I’d BEEN on THE pill
for 10 years—until one day, a year and a half after I got married, I wasn’t. Oh, cute! I was “trying.” Uh, no. I wasn’t ready for a baby. I’d ditched my Rx because I was freaked out by what my friends were saying.
“You have to stop taking birth control six months before you want to get pregnant,” a sorority sister declared over rosé. “That’s how long it takes to cleanse yourself of the Pill’s hormones,” my neighbor added.
Off the Pill I went, certain I’d expunge it slowly. Meanwhile, I’d be magically protected! In fact, just 30 hours after taking a pill, half its hormones are out of your system. Less than two months later, I was pregnant.
I now have an adorable daughter who I love more than anything. I’m 33, financially secure, with a husband who changes diapers like a boss— not all surprise pregnancies are as welcome. Still, it bothers me that I gave more weight to supper-club gossip than science. Why are smart, grownass women treating their reproductive health like a game of telephone?
“There’s a massive crisis in women’s health literacy,” says Jennifer Ashton, MD, an ob-gyn and US Cosmo contributor. She hears it often—patients citing besties as health advisers. In part, it’s due to a dearth in good sex ed; some women simply don’t know the facts. Who isn’t guilty of Googling Caniget pregnant? in a panic at 3 a.m.?
There’s the myth that you can’t get pregnant while breastfeeding (nope, the estrogen released isn’t foolproof at stopping ovulation). There’s another that swapping a new pack of BC for your placebos is a no-no (actually, progesterone keeps uterine lining thin, so there’s no need to shed it monthly). And it’s been said at many a brunch table that women should take breaks from BC, as being under the spell of hormones for too long is dangerous. “This is a mega myth,” says Dr. Ashton. Long stretches on the Pill don’t make side effects more likely. “Your body doesn’t need a hormonal washout of any kind.”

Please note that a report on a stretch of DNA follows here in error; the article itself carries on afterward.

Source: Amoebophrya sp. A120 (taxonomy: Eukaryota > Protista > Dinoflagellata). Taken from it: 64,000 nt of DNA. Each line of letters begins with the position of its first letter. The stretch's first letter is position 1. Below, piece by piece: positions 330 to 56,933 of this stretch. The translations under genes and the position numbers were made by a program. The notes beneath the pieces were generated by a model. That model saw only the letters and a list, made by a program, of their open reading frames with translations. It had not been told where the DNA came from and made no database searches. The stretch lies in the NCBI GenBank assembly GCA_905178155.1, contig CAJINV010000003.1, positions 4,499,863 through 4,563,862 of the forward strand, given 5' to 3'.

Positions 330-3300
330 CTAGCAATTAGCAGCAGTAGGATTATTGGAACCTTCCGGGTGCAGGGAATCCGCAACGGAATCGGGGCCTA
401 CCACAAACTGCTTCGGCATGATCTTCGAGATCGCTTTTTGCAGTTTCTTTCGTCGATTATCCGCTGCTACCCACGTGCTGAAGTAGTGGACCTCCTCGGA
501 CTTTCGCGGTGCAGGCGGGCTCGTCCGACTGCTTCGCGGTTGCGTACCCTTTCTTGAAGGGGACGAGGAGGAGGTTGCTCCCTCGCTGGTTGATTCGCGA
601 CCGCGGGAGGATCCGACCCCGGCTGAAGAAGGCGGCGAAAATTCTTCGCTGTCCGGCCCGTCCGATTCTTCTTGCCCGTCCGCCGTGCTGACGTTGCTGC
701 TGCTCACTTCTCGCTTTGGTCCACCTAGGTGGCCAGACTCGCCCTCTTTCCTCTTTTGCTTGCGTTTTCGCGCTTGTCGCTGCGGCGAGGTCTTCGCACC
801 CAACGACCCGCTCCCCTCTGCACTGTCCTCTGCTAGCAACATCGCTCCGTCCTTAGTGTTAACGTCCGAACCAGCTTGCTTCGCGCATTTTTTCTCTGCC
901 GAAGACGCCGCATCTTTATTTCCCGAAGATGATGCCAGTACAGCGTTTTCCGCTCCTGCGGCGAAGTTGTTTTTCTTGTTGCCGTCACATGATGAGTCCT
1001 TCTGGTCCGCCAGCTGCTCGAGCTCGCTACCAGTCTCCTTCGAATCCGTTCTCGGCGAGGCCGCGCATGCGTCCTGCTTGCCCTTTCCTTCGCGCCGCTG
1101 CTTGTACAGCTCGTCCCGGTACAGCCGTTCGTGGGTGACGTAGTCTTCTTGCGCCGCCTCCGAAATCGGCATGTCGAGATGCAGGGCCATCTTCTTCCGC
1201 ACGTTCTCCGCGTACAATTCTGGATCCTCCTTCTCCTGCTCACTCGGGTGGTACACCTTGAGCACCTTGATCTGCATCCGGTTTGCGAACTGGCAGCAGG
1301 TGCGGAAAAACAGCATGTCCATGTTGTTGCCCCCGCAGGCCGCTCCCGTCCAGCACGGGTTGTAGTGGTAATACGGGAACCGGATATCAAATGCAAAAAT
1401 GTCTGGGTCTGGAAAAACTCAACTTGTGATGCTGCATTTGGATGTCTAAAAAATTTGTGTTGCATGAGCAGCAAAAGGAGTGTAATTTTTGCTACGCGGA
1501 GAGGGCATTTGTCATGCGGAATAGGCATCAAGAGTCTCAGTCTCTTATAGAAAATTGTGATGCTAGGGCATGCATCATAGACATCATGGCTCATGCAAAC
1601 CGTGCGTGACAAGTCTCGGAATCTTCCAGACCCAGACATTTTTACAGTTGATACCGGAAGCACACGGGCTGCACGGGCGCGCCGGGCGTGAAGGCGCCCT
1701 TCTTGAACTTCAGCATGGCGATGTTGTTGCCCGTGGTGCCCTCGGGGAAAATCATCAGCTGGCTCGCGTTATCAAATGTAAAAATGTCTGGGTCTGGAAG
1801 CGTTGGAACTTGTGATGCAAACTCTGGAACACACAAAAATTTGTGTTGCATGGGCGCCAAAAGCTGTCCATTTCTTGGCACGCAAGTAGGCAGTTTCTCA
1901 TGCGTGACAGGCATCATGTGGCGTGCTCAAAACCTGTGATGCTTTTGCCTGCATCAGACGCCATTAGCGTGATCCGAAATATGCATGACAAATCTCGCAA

To the contrary, studies show the Pill may regulate your period and lower your risk of ovarian and uterine cancers. Some may slightly raise your chance for breast cancer, but the benefits outweigh that risk. The irony is, some women are so nervous, they quit the Pill yet are blasé about the real risk of pregnancy. “Many have an ‘it won’t happen to me’ mentality,” says Leah Millheiser, MD, director of the Female Sexual Medicine Program at Stanford University Medical Center.
We believe this vaginal voodoo because “friends are our first line of defense,” says Dr. Millheiser. “Women define themselves by what their friends are going through.” What’s more, “it’s classic female socialization to say ‘I think’ or ‘I heard’ as a way to connect,” says psychologist Misty Hook, PHD. Next thing you know, “I heard” it takes six months to rid your body of birth control is #Truth.
It was certainly easier for me to chat tipsily with my girls than confront my future with my doc—that would’ve made my hypothetical baby plan all too real. Funny how a positive pregnancy test changes your outlook.
“It’s okay to commiserate with friends,” says Dr. Millheiser. But whether you’re going on birth control or off it, “you need to follow up with your doctor and ask, ‘Are my fears based in reality?’” One deep convo later, he or she may feel like your new best friend. One who has a medical degree.